When all of these four areas are covered and the family members are fully compliant, then I happily exit from the engagement and move on to help the next family business.

Death of the Cosmos patriarch

Such is not the case with the Cosmos Group. The patriarch of the Cosmos Bottling empire, Henry, suffered a stroke due to a malignant tumor in his brain and left him incapacitated until he died a few months after. He was 53.

According to his eldest son Danny, the death was the main trigger leading to the collapse of the mighty Cosmos Group.  But the much bigger issue was the unpreparedness of the family to handle the death of the patriarch, the dynamics of having family members and different branches working in the family business and managing the transition/succession process to the third generation. Henry’s death created that leadership void in the organization.

RFM acquires Cosmos

In Danny’s own words regarding the sell off, “Cosmos was sold for the wrong reasons and for the wrong price!”

The eventual transfer of ownership to the RFM Group concluded the end of the Wong family’s ownership of the Cosmos Bottling Company after only three generations.

Danny went on to pose several regretful questions with the hope that FOEs currently facing their own internal conflict must continue to be determined and unyielding in pursuing governance. No matter what the challenges are, every family member must seek ways to promote harmony.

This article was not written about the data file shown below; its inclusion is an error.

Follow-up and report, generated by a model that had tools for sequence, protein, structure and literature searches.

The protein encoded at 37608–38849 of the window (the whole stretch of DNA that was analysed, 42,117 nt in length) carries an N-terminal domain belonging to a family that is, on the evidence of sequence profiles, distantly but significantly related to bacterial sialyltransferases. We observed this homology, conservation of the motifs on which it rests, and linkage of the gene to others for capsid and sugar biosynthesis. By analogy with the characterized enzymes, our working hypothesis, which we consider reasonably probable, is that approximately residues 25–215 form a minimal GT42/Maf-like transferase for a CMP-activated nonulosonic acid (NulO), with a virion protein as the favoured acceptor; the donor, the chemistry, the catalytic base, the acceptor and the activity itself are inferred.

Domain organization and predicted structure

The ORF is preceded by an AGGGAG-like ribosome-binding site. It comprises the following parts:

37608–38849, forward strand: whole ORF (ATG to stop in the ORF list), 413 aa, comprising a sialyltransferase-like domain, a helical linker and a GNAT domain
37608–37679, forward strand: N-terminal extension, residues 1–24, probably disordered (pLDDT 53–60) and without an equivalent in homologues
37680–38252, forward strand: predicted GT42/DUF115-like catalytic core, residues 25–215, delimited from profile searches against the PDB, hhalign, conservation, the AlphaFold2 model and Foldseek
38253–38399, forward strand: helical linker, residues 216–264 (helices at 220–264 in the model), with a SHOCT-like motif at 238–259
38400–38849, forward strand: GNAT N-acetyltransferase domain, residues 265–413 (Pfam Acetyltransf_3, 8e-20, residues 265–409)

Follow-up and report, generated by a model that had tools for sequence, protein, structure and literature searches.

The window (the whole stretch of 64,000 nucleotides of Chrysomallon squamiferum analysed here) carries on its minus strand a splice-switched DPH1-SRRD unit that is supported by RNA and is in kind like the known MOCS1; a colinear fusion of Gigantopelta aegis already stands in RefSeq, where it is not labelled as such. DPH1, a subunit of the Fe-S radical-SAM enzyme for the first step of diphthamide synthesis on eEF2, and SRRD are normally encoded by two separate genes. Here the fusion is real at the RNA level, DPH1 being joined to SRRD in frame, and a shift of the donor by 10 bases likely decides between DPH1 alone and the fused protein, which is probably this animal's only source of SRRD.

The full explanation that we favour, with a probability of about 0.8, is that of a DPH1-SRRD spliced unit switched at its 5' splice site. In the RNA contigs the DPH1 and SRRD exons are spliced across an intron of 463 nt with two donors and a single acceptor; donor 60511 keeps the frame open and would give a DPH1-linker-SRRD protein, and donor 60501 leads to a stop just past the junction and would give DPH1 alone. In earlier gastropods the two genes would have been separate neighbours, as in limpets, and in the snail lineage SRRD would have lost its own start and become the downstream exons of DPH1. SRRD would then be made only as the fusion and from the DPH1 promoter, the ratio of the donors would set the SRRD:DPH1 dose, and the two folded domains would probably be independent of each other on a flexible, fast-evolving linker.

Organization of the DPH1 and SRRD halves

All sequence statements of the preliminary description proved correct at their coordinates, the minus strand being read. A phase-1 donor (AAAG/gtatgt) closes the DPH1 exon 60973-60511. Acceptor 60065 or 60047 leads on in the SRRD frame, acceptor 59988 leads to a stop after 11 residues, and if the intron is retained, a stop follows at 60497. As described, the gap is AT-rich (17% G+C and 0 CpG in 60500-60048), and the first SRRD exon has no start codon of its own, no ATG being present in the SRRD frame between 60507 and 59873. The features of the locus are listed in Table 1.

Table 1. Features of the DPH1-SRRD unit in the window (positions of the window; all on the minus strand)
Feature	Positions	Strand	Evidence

Where did we go wrong? Why didn’t we see the signs? What should we have done? What can we do? Who can help us?

In my conference talk last week, I purposely highlighted studies that addressed the inevitability of the death of the patriarch and the numbers are alarming. Most family enterprises are highly dependent on their current leader – as much as 80 percent of the business.

But major leadership change in family businesses is forthcoming:

Forty percent of family business leaders will retire in the next five years.

Twenty-eight percent will retire in six to 10 years.

Twenty-two percent will retire in 11 to 15 years.

To this day, most have no contingency plan covering the death or the disability of their leader and only 29 percent have a succession plan. Family business owners see the generation of wealth as the primary role for the business. Preservation of wealth and business succession in the family is a lower priority. These are sad numbers but empirically true.